Red Wolf Journal Issue 10 (Fall/Winter 2016/2017)
Our theme: “The Heart Knows”
Welcome to the Fall/Winter 2016/2017 issue.
What does the heart know? Which heart? Yours? Mine? It matters whose heart it is. Does it?
I believe that since everyone’s life experiences differ, the kinds of truths one learns through them are different. For instance someone who’s never lived through a war would be quite different from a person who has survived one. The distinctions of race, class, gender, age, geography, income, lifestyle, etc also matter. So while we may empathize with another, unless we’ve gone through a similar experience, we will not really know what it means. I was just reading Langston Hughes’ memoir and in one part he talked about how during a night bombardment in Madrid during the Spanish Civil War, everyone had gathered in the hall and the record player kept playing (with the amplifier turned up real loud) “Organ Grinder’s Swing” till dawn to drown out the loud explosions.
A life’s experiences lived, seemingly small moments included, is unique to each person. One’s trajectory of experiences helped shaped one’s world view. So for another person who lives in a remote cold place and hunts seabirds for food, she would have a very different sense of the world. Of course there’s the human imagination and access to film documentaries to get a sense of what it means. Still it will never be the same as any truths arrived at by a person who becomes experience’s living embodiment. Secondary truths carry little weight; primary ones, much.
As said, the multiplicities of experiences make us unique and scintillating in each our own way. The subjects we choose to write about and the way we write about them in our poems ought to reflect this diversity. But of course there’re universal truths and these may be the same values learned no matter the experience or lack of experience. They’re the reason a piece of writing resonates with us if at heart, we accept the truth being parlayed in a poem. In writing that is intimate, we experience something of the author’s soul—his or her truth, his or her way of looking at the world. What Irish memoirist Nuala O’Faolain said was exactly on point: “My despair is my own, their hope is their own. Their spirituality is their own. My way of looking at the world is my own. We each end up differently facing this common fate.”
The heart–love’s dwelling–knows intimately. It knows love and the lack thereof. Its measurement is love. The converse of love is despair. Love isn’t love if it doesn’t know its shadow. The heart flits secretly between the two poles. And what’s in between–hovering between assurance or indifference, steadiness or uncertainty, loyalty or betrayal–where all kinds of sabotage happens. Love is how one overcomes one’s wounds. If one’s heart is at all filled up with love, joy overflows. And there’re all kinds of loving–loving the way your lover talks to you, loving how your son gets excited over food, loving your pet’s adorableness, loving to dance and sing, loving to see the world, loving art, loving poems…there’s simply no end to loving. It seemed that if you cease to love, you cease to live.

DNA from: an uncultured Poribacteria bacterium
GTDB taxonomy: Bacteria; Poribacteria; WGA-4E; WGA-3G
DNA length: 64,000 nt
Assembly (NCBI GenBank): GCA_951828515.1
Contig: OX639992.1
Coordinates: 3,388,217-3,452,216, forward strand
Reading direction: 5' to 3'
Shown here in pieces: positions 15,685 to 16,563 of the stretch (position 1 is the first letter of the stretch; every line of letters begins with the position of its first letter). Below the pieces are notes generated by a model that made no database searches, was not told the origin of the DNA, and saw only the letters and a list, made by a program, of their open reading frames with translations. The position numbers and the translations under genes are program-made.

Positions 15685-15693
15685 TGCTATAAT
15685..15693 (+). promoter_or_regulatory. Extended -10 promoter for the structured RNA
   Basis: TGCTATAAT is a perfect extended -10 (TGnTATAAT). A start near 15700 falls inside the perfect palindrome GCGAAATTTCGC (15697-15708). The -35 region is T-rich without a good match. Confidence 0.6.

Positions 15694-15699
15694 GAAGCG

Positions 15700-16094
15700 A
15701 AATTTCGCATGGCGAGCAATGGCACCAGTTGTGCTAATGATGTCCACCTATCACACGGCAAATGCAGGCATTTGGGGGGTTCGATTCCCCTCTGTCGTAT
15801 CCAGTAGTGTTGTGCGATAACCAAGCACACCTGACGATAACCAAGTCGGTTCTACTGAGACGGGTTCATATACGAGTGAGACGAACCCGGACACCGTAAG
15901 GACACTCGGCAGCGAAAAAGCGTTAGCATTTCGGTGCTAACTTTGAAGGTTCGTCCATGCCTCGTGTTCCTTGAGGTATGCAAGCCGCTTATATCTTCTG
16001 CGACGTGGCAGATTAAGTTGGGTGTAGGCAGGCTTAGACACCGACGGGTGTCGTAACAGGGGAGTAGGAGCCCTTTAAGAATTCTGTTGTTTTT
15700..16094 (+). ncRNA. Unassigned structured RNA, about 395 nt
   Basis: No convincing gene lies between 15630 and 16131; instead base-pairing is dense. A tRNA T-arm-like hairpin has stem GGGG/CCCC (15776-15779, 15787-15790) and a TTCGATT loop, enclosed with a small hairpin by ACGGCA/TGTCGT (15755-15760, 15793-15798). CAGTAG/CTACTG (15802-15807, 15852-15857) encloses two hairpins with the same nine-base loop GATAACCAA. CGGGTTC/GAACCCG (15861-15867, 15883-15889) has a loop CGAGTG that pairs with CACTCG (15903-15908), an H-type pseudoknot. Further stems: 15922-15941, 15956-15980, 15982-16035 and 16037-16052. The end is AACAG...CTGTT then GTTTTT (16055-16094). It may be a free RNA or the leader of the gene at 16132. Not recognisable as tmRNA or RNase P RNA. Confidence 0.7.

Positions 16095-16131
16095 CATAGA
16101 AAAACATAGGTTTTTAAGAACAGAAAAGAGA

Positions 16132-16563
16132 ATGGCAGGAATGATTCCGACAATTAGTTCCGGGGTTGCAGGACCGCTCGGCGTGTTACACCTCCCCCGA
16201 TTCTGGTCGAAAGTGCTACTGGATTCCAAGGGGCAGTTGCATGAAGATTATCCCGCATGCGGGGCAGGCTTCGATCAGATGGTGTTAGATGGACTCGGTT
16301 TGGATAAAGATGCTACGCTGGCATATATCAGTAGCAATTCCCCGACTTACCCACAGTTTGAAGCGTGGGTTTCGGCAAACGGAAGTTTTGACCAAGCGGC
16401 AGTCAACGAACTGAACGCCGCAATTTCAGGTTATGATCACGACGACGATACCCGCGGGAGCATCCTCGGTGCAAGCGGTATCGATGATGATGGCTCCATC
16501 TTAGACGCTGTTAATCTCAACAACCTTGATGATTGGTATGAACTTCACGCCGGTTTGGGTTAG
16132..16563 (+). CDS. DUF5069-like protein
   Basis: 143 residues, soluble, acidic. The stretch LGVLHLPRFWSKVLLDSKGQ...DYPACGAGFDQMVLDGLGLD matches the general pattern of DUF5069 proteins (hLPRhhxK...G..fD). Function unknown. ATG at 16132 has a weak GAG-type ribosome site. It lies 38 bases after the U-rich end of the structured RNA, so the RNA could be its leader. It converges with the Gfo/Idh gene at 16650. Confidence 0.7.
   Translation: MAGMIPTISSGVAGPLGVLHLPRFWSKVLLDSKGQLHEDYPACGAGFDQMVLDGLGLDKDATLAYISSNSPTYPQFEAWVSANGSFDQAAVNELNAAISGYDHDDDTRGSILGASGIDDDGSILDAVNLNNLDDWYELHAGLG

In your poem tell us, how do you apprehend your world? Perhaps it’s through the dazzling precision of science and mathematics, or the way of the observation of the phenomenal world. Or do you also gravitate toward what’s there that’s not really visible or empirical–the noumenal world? That’s a different kind of knowing. A wisdom located in the heart, not the mind. Probably if you have lived long enough and suffered all manner of tragedies, you’re being repaid in small wisdoms. The biggie is this one–that we live in a material world and this materiality is not to be trusted (sigh). Decay and death will do us part.
The mystery isn’t mind
(what else are we, evidently,
but materiality, intersection
of solidity and flame,
where quick and stillness meet—
Materiality the impenetrable thing.
We don’t know what it is
other than untrustworthy—
Mark Doty, “Notebook/ To Lucien Freud/ On The Veil”
Given that, what will save us? Of course we need saving. The only thing that will save us is love, isn’t it? When we’re stripped of every last thing, and have only the void, our experiences refill us, leading us back to love. Love of what’s lost, but also loving that “there is always something left to love” (Gabriel Garcia Marquez). So that in place of darkness, there’s immanent light; in place of emptiness, there’s bliss.
Interpret the theme however you wish. Submit poems to us by email here.
SUBMISSION DEADLINE IS 25 FEBRUARY 2017. SUBMISSIONS CLOSED.
Please review the submission guidelines and then send us your poems in the body of an email.
Poems will be published in ongoing posts on this site. Each posting will be announced on the Red Wolf Journal page on Facebook. Your poem may be published at any time from September 2016 to February 2017 so please check back here. If you do not see your poem(s) appear, you may deem it as not accepted for publication. We will not be sending out any acceptance or rejection letters.
The entire collection will be released in PDF format in due course. An announcement will be made at that point.
Irene Toh and Tawnya Smith
Fall/Winter 2016/2017 Editors